The general scheme is that not only black bishop remains inactive in most of the opening, as in QGD, but also that black gets some nasty threats (or at least pressure that will somehow force a specific development) along the d file and has to constantly care about a possible e pawn advance: not being able, as black, to spot some positional nuances (that I´ll try to talk about a little here) means having a long-lasting positional disadvantage and sweating and suffering as if pursued by a lion if we just wanted a draw, let alone achieving winning possibilities.
On the other hand, if we do things correctly we will end up with a dynamic position that will allow us a great coordination and an easy and enjoyable middle and engdame.
About the game, is obvious that Kasparov wanted to create an isolated pawn for Kramnik with 8...cxd4: after 10.Nxd4 Nxd4 11.Rd4 Qc7 ...
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... 12.Nc3 Bd7 13.b3 0-0 etc it would have been the same but with the white rook misplaced, so if, as white, you want to avoid isolated pawns just don´t choose this line.
12.Bb3 is played in order to avoid a NxB exchange or having to retire the B to a2 if ...Na5 (in a Ruy López fashion). Ba2 won´t render much since there is no c pawn to push Nd5 out of its outpost and black even has a replace in case one N is removed from the board with the typical maneuver Ncb4.
12...Re8 doesn´t have quite a good record, for black, and allow me to deem it weak for a World Champion´s 12th move; the only justification is that Kasparov was defending against a possible d pawn push, forcing an exchange with black´s e pawn and thus removing the isolated pawn from the board. Other more common, and more succesful, alternatives for black are 12...Ncb4 13.Bd2 b6 14.Nxd5 Nxd5 15.Ne5 Bb7... or the semi-waiting semi-profylactic move 12...h6.
13.h4, I think is the novelty, and also a typical Kramnik move, trying to freeze any aggresive maneuver that could arise from Kasparov. Vlad has also employed this kind of pushes in the Slav, the Petroff and the Ruy López, ´tho he doesn´t do it so often now since Anand was able to exploit succesfully (as white) Vlad´s Q-side expansions during 2005 and the following years. If 13...Bxh4 14.Nxh4 Nxc3 15.Qg4 protectiong Nh4 and threatening Bh6 and with the black N in c3 having no escape:
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14...b6: another typical move, not yet compromising fully on the Q-side (because nasty N-outposts could arise for white if he did so) but opening a square for the B to develop through b7 (14...Bd7 would be met with 15.Ne5 with positional advantage for white, who could decide to change NxB any moment he likes)
16.a5: an aggresive approach. ´Tho this W. Ch. match is generally remembered for Kramnik´s will to draw in queenless positions as black there is also the counterpoint of him willing to complicate matters with white. This move seeks what ...b6 was not intending: to weaken the Q-side to penetrate with the c3 or e6 Ns, which are both ready to hop further in enemy territory. If 16...bxa5 17.Ba4 (exposing the R´s bad placement!)...
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...Rf8 18.h6 g6 19.Nd7 Re8 etc.
16...b5 and this is an strategic blunder, condeming a6 to be a backward pawn that will be either weak or in necessity of constant nurturing, and freeing b6 and c5 for Kramnik´s N to hunt like archers on a hill.
17...g6 this compromise is not yet exploitable for white since Bc1 is not yet in the proper diagonal to do so and f6 is covered by two black pieces, and of course there is always ...Bf8 if needed. Rather, the point of 17.h6 is just to cancel Kasparov´s activity, being Kramnik probably aware of how active can black be out of the opening if the QGA is correctly played (unlike here, where in less than 20 moves Kasparov has accumulated two innacuracies: ...Re8 and ...b5, and that is awful when you are in a desperate need for coordination and activity!)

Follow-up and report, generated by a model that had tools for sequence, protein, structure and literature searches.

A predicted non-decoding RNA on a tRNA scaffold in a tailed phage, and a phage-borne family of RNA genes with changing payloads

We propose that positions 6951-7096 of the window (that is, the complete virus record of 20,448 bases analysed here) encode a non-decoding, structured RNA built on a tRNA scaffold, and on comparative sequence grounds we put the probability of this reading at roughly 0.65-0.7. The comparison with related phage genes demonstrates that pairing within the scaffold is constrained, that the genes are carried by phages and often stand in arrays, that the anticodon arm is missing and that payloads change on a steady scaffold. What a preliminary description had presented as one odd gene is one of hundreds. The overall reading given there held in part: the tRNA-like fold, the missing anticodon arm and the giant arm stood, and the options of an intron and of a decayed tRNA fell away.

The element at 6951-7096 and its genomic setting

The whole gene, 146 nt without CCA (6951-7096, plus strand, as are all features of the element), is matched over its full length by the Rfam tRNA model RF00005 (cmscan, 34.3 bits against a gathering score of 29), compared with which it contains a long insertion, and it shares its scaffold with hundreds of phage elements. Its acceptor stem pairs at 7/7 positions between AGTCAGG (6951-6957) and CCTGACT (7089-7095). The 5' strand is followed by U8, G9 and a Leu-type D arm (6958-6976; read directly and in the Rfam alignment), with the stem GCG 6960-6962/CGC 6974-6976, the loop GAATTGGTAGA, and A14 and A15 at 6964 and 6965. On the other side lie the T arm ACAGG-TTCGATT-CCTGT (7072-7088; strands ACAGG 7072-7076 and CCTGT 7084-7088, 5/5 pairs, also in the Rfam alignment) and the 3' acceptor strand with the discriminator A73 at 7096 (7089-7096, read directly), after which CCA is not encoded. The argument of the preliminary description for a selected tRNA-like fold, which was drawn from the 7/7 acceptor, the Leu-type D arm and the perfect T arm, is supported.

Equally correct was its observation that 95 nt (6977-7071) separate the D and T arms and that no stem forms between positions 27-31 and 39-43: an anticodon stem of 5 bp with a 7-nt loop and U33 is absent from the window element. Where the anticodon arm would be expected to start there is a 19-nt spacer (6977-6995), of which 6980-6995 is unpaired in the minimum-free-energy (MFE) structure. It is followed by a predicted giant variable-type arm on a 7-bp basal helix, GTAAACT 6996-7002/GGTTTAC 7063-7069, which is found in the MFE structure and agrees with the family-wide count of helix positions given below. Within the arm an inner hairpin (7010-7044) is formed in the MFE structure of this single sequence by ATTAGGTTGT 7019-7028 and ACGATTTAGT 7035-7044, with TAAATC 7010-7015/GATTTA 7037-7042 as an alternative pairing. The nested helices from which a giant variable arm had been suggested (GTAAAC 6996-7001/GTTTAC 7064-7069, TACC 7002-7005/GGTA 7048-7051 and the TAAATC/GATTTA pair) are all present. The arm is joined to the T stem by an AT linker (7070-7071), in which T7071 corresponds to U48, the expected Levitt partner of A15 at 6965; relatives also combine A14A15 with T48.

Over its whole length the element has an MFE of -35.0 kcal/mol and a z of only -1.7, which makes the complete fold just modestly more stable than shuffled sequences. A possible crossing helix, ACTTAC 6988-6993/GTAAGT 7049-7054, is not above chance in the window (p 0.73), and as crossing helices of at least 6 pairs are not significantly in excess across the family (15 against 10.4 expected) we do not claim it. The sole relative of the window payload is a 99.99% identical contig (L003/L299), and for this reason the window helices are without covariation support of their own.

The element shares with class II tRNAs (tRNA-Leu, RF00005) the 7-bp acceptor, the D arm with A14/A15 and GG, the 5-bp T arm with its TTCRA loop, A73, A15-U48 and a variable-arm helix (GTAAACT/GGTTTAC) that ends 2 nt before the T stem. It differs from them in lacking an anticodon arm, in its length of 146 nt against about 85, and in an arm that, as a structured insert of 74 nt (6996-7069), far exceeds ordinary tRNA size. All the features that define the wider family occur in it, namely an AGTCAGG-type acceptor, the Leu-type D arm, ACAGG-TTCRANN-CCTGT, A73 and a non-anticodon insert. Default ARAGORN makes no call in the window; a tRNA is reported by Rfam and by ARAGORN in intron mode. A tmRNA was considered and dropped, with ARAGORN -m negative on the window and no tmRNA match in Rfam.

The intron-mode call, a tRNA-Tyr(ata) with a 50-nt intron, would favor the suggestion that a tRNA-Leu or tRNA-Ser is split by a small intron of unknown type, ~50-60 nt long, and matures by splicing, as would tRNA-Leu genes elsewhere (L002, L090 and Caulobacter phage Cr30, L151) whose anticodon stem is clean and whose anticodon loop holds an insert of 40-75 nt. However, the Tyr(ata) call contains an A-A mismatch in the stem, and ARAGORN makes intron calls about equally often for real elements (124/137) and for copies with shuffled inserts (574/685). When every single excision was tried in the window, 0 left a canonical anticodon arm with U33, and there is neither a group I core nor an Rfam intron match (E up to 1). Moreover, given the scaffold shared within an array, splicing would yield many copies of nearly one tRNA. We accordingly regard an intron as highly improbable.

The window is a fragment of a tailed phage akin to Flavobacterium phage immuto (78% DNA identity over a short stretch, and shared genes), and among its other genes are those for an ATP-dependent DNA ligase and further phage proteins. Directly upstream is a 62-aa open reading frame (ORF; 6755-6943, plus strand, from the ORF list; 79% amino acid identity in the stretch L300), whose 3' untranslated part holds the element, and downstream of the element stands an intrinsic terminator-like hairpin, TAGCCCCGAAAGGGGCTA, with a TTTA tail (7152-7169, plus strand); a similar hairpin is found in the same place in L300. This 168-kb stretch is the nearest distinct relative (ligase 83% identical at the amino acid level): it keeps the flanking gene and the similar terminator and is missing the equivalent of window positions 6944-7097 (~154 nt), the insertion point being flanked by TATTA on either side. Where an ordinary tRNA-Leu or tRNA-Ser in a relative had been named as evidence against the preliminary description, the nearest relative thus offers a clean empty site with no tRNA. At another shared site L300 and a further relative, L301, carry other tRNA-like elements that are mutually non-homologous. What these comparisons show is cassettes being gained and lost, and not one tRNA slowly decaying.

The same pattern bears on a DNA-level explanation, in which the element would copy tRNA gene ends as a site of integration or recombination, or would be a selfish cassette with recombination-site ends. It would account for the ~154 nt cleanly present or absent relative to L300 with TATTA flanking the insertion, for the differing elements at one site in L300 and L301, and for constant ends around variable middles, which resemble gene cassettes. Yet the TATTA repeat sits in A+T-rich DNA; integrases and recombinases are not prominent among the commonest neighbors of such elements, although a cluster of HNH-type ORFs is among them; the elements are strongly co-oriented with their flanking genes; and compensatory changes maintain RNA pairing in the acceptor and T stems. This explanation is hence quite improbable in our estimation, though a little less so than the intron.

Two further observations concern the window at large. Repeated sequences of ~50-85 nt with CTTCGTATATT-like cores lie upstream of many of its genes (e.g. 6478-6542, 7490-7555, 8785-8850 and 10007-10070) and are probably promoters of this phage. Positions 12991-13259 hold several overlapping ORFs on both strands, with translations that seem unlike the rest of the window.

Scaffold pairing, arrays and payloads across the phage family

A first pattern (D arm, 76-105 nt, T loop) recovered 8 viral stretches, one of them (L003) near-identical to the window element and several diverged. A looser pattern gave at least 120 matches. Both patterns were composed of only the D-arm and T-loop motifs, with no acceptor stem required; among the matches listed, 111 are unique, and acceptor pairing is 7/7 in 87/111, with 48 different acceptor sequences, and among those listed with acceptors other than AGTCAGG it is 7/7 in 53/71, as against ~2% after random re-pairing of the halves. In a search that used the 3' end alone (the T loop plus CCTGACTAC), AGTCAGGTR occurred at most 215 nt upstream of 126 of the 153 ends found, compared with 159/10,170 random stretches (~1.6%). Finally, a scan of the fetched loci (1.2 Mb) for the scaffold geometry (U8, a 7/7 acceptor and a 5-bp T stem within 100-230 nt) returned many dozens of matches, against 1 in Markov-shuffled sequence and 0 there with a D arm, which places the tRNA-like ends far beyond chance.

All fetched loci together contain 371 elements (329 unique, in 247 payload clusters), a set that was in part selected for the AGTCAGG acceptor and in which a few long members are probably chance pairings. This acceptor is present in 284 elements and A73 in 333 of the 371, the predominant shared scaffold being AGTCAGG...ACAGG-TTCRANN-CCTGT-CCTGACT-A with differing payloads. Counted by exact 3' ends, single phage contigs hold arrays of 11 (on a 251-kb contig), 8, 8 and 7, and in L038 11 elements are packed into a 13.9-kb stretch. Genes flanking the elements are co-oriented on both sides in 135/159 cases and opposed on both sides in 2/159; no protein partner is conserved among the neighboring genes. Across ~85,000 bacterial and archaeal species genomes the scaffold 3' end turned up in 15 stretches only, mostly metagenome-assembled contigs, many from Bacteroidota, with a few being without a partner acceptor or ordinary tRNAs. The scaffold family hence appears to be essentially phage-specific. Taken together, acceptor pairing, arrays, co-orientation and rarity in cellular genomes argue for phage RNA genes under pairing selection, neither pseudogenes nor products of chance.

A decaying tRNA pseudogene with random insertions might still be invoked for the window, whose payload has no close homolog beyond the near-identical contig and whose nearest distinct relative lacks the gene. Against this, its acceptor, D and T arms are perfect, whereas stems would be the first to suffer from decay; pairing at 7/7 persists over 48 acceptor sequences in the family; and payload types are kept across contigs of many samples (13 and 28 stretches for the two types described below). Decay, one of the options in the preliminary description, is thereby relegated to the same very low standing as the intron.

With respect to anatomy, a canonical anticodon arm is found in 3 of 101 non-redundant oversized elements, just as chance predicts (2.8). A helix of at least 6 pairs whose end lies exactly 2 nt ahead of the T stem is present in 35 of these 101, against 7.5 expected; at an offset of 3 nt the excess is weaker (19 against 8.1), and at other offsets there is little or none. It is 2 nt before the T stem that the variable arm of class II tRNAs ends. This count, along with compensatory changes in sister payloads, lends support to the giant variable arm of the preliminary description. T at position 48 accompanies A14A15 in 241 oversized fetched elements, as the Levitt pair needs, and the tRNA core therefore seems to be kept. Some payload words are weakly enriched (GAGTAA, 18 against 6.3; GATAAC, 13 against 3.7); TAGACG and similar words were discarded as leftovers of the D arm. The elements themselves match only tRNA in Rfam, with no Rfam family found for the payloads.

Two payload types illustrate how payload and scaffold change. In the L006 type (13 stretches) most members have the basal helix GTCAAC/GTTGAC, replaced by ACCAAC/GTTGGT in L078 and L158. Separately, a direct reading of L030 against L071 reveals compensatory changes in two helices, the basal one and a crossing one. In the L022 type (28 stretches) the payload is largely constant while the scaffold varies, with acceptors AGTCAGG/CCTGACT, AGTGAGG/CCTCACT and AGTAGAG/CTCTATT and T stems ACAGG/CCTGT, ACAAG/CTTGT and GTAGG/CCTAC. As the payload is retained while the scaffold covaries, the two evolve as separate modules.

|Dec-25-10|| ||GilesFarnaby: 18...Nc7: the results of Kramnik´s strangling are beggining to be noticeable, making an aggresive player like Kasparov maneuver in an open position like it was a closed Benoni or Ruy López. Some other more straight move, like 18...Rc8, would have certainly proposed a more vivid game on his side:|
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Followed, e.g., by 19.Bd2 Nc2 20.Bxc2 Rxc2 21.Qf3 f5.
19.Nc5: there it goes! Making use of both the ready-made holes in Kasparov´s camp and of the isolated pawn that Kramnik treats in the most orthodox fashion by avoiding early exchanges and supporting pieces that otherwise would be hanging: we shall remember that if pieces are exchanged early we will fail to get anything good out of the isolated pawn and it will quickly turn into an easy target for the opponent.
19...Bd5: now that the B is attacked Kasparov has to take a decision: what to do with this little bugger? Since he can´t defend, nor attack with it (the diagonal the B is in doesn´t have anything really interesting) he proposes a trade, being probably also conscious of the fact that, in the near future, Bc2 by Kramnik could be quite nasty.
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A creative and very useful decision. Since Bc1 is already properly placed (Bd2 would block the R, Be3 would block the Q and Bf4 is shaky since it can be met with ...Bg5 or ...Nd5 in the future) and white´s objective is to clear the c6 square (actually defended by Bd5 and Nb4) to place the N that will fork the Q and the defending B, Kramnik defends Bb3 while creating a very embarrasing threat; if ...Bb3 Rxb3 and Vlad will gain a tempo since the N will have to retire and, even more important, he will be able to rape Kasparov´s position by the aforementioned Nc6. Nonetheless 20.Bd2 would have probably given white more practical chances -since he needs active play-, but is not a very "Kramnikian" move.
20...Nc6. Here ...f6 and ...Bd6 would have also defended, but Kasparov seemed wired to passive play that day.
E.g., 20...f6 21.Bd2 fxe5...
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...22.Bxb4 exd4 23.Bxd5 exd5 and white won´t have anything but a plus thinner than modern female underwear.
22.Ncd7: the position looks dangerous, but in the engine realm is a roughly equal affair. It doesn´t even have dangerous only-moves for Kasparov and Kramnik, after setting Kasparov in the passive defense mood, has failed to be hyper-aggresive, and that was his only real chance to fight for a significant advantage in the opening. Even if Kramnik removes the defending B there is always ...f6 and now the one who will have problems is the poor stranded h6 pawn.
...And the rest I´m not commenting on since I don´t consider that strictly belongs to the opening discussion.
|Apr-22-12|| ||lopezexchange: thechesscorner above has a nice analysis.
i think 43.Rd7+,Kg6; 44.Rg7+,Kxh6; 45.Qd7 gives white the win. Any thoughts?
|Oct-12-14|| ||Howard: According to Kramnik's analysis in Informant 80, he missed at least one clear win, but I don't recall where.|
Kasparov on Kasparov: Part I